Wednesday, November 02, 2011
The Joint Deficit Reduction "Super Committee," put in charge with finding $4 trillion to cut from the deficit, held their fifth public meeting on Tuesday. But the fate of the Super Committee remains unclear as it is unlikely they will come to consensus any time soon. Todd Zwillich, The Takeaway's Washington correspondent, says the hearing was both a pep talk to the committee but also partly a threat. There is a lot riding on them to succeed and a lot of heads could roll if they fail.
Monday, September 19, 2011
—David Leonhardt, Washington bureau chief for the New York Times, on The Brian Lehrer Show
Friday, August 26, 2011
The Democrat's national congressional committee is hitting Republican Bob Turner on his comments to the the New York Post editorial board today. As we reported earlier this week, Turner's position on Federal spending and entitlement programs were at odds with one another. But, according to the Post, Turner is indicating cutting a third of the Federal budget could include future changes to Social Security and Medicare:
Turner pledged to push the federal government to rein in the deficit even if that means touching the “third rail” of politics -- cutting spending on entitlement programs such as Medicare and Social Security that have strong and active political constituencies.
Turner said he would protect people 55 and older by exempting them from an overhaul of the two federal entitlement programs.
Asked if the eligibility age should be raised for people under 55, Turner said, “That’s one of the easy ones.”
He said an increase in Medicare co-payments also has to be considered.
DCCC is claiming this shows Turner is flip-flopping on this issue.
“Bob Turner is just admitting what we already knew – his plan is to cut Medicare and Social Security, forcing seniors to pay more for their health care while protecting tax breaks for millionaires and billionaires,” said Josh Schwerin, a DCCC spokesperson said in a statement. “Earlier this week, Bob Turner left Ground Zero volunteers out in the cold, and now he wants to do the same to seniors. New Yorkers simply can’t afford Bob Turner’s extremist Tea Party policies.”
Wednesday, August 24, 2011
But do their claims hold water?
Over the course of the rowdy hour-and-a-half long debate in Queens on Monday, Republican Bob Turner and Democrat David Weprin were asked what scared them most about their opponents.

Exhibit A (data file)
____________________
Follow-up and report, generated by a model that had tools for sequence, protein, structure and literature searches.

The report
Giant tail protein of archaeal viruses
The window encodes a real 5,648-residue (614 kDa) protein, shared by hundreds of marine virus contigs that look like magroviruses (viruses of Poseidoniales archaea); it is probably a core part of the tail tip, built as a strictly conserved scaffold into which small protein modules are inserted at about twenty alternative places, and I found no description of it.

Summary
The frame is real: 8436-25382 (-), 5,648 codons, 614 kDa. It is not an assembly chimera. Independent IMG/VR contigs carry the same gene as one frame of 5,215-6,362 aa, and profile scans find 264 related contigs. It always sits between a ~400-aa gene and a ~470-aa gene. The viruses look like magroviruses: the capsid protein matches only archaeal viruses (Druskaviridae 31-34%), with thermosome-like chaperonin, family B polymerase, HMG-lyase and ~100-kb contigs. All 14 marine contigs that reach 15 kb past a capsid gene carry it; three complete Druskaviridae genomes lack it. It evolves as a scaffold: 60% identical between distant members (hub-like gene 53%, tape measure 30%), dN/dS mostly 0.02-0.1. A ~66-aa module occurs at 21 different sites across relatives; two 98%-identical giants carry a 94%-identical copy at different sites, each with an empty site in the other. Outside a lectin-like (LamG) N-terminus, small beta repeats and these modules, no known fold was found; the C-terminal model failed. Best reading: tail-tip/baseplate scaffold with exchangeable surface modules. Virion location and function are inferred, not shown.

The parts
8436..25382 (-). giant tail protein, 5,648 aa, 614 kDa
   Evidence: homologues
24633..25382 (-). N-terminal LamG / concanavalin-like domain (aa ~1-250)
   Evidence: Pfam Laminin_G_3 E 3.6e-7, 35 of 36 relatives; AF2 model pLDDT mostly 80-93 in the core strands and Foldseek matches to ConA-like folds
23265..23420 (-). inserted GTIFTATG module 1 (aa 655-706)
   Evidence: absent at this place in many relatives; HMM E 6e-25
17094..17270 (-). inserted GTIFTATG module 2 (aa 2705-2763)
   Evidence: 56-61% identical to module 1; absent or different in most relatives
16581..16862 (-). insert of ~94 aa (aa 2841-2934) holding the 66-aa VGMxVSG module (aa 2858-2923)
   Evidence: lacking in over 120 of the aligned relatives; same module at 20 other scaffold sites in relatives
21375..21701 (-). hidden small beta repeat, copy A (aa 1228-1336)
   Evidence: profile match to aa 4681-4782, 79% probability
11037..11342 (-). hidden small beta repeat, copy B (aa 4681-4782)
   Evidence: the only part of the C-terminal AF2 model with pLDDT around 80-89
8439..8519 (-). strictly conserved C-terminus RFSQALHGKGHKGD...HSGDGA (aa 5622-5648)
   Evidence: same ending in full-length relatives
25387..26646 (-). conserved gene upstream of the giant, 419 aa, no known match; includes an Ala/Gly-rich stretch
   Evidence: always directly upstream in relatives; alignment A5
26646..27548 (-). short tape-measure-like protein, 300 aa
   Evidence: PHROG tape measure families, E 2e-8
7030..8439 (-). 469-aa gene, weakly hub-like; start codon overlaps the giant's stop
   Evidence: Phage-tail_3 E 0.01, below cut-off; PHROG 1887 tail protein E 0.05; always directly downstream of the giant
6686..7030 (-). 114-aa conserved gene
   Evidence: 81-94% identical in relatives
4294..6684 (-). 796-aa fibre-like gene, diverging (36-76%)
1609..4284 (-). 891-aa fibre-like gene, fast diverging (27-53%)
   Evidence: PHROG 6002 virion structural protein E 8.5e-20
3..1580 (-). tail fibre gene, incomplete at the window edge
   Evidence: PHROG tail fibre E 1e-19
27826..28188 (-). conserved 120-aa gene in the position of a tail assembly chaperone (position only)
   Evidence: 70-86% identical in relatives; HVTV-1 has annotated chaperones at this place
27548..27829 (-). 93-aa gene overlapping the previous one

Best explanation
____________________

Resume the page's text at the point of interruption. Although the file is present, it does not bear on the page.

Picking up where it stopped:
Weprin began, “I’m very scared of his Tea Party philosophy and his…” The chorus of boos forced him to stop. He continued, “I’m sorry you’re having trouble with the truth. ‘Cut, cut, cut—cut the budget 35 percent and not consider any taxes’…” He was interrupted again by someone shouting, “Stop the spending” to a round of cheers. “And I’m scared of those extreme views even by some of his supporters in the audience.”
“Mr. Weprin is tainted by a long career in politics,” Turner said when he took the mike, silence punctuating his pause between sentences. “He’s part of the system. And that’s why he has got to go.”
With just a few weeks before the election to decide who will succeed Anthony Weiner as the congressman from the 9th Congressional District, the candidates have been going head-to-head in debates this week. A televised debate was taped yesterday, and another live debate was scheduled in the district last night.
Even before the debate, both sides have painted each other as caricatures. One the Obama-loving corrupt career politician who leaves a trail of questionable ethics behind him as he clambers for higher office. The other an obstructionist, dangerous Tea Partier bent on destroying the social safety net that so many in the district count on. In truth, they’re not so much running against each other as test driving the 2012 arguments their respective parties hope will carry them to the White House and into control of Congress.
Wednesday, July 27, 2011
By Karen DeWitt : NYS Public Radio/WXXI
Albany, NY —
President Barack Obama and Congress do not agree on a way to increase the federal debt ceiling, the default could affect New York State in a number of ways — from a weakened state pension fund to significant gaps in the state budget, the state's comptroller warned.